Even with the snow making things a little dark and gloomy, I’m pretty sure my mouth dropped open the entire ride. It’s almost a shame to go through there without having full sunlight to appreciate the mountains. I’ve never seen anything like it in my life, and was in a constant state of awe. I’ve been to the Great Smoky Mountains in Tennessee and North Carolina, but those just seem like babies compared to these. The Rockies are just so very massive! Some of the jutting angles of the rock formations, where you can actually see the striations and stratification of settlements, makes you realize how great the forces must have been to shove that much weight so powerfully at that angle. At every turn, there was a new scene that was too amazing not to capture in a photograph.
During this part of the trip, we kept looking for a marker for the Continental Divide, but never saw one. We were disappointed, but so awestruck that it didn’t seem to make much difference at the time.
We drove well into the night, and finally made a stop in Grand Junction, CO, near the Utah border. It was such a shame to drive through the rest of the mountains in the dark!
Leaving Grand Junction, I spotted a bald eagle in one of the trees, but I was far too slow with my camera to catch it, unfortunately. From Grand Junction on through Utah, we saw some of the most amazing rock formations I’ve ever seen in my life. The scale of these things are just massive. The landscape out there is just magical; it’s so different from anything we have here at home. Words like pretty, beautiful, gorgeous, breathtaking do not do justice to what it really looks like. We made lots of stops along the scenic outlooks for pictures. It was really nice to not have a lot of traffic on the roads; the air was so clean and fresh, and it was so quiet. You could really feel the change in elevation, being at least 11,000 feet for most of this portion of the trip.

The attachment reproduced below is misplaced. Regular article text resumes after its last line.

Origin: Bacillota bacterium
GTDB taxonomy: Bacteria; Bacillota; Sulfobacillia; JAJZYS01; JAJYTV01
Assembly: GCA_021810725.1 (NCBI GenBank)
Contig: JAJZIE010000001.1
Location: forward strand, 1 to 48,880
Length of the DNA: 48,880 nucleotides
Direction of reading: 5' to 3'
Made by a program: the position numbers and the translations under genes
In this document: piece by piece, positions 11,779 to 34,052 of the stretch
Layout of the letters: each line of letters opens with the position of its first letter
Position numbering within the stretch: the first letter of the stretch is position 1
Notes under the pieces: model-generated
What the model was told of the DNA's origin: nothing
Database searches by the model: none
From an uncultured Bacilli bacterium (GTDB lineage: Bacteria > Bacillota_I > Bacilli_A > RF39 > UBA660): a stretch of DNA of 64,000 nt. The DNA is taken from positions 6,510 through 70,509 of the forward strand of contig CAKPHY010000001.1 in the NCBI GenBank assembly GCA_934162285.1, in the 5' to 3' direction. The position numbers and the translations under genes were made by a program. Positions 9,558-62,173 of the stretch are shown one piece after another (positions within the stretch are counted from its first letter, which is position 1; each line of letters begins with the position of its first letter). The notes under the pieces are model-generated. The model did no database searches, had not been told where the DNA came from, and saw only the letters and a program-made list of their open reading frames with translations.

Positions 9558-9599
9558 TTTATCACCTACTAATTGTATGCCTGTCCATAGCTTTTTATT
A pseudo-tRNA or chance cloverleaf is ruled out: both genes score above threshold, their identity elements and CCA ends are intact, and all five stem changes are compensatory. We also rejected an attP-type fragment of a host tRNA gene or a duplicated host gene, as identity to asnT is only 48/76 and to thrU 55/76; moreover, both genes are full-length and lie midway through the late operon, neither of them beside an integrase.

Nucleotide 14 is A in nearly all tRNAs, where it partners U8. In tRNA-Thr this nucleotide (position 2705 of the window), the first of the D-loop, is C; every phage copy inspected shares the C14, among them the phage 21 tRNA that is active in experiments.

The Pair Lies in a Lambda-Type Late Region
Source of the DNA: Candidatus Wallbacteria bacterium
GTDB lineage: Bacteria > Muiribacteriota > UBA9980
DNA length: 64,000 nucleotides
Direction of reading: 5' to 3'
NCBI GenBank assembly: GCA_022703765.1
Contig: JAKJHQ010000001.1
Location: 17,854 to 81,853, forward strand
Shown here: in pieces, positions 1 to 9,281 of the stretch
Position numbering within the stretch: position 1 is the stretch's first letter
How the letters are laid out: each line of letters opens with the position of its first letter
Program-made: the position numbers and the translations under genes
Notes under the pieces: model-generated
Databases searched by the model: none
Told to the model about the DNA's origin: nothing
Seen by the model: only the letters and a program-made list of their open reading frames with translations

This is the sort of thing I love: seeing and experiencing somewhere new, like nothing I’d ever seen before. Talk about gaining a whole new outlook on life and a new perspective of how wonderful a Creator God really is. I felt like an entirely new person after standing on one mound, looking over the landscape. There was not a single house or person for as far as the eye could see. The vast array of colors was mind-blowing.
Here at home, we have road signs that read, “No services for six miles.” Out there, we frequently came across signs that read, “No services for one hundred miles.” It’s just an entirely different world out there, one that I have fallen madly in love with.
I was really starting to regret having to make it to Vegas, instead of just staying put.
One of my favorite overlook spots was Black Dragon Canyon. Words just do not do it justice, and neither do pictures:
Just down the road from Black Dragon (or really, “up” at a higher elevation) was another great lookout. In the distance, you can see where the clouds are raining, but the rain evaporates before it hits the ground:
At this point, we could have spent the entire week just driving around Utah and making stops as we saw fit; but time was getting away from us, and we needed to continue on to our real destination. It was quite sad, but we hoped to come back through this way as we headed home. The West is definitely somewhere we’d vacation to again, to make more memories. Even this early into the trip, I thought it was one of our best ideas ever, and I’m so glad David talked me into a road trip. I loved experiencing these things for the first time together, and it really made it special to have my husband by my side for this trip. We might not have been able to take the honeymoon we planned, or even the original road trip we planned, but this little spring break trip was so wonderful.
If we learned anything else from this first jaunt of the trip, it’s that we need to invest in a good camera. Mine apparently did not survive the Great Purse Flood of 2011; which we did not discover until we were well along our way on this trip. We discussed buying one in Vegas, but didn’t. That’s one of the things we’re working to save up for now. The pictures I took on my phone didn’t turn out too bad, but oh what I would have given for a better camera at the time!
The landscape continued to be beyond words well into Arizona and Nevada. And then we came to our destination: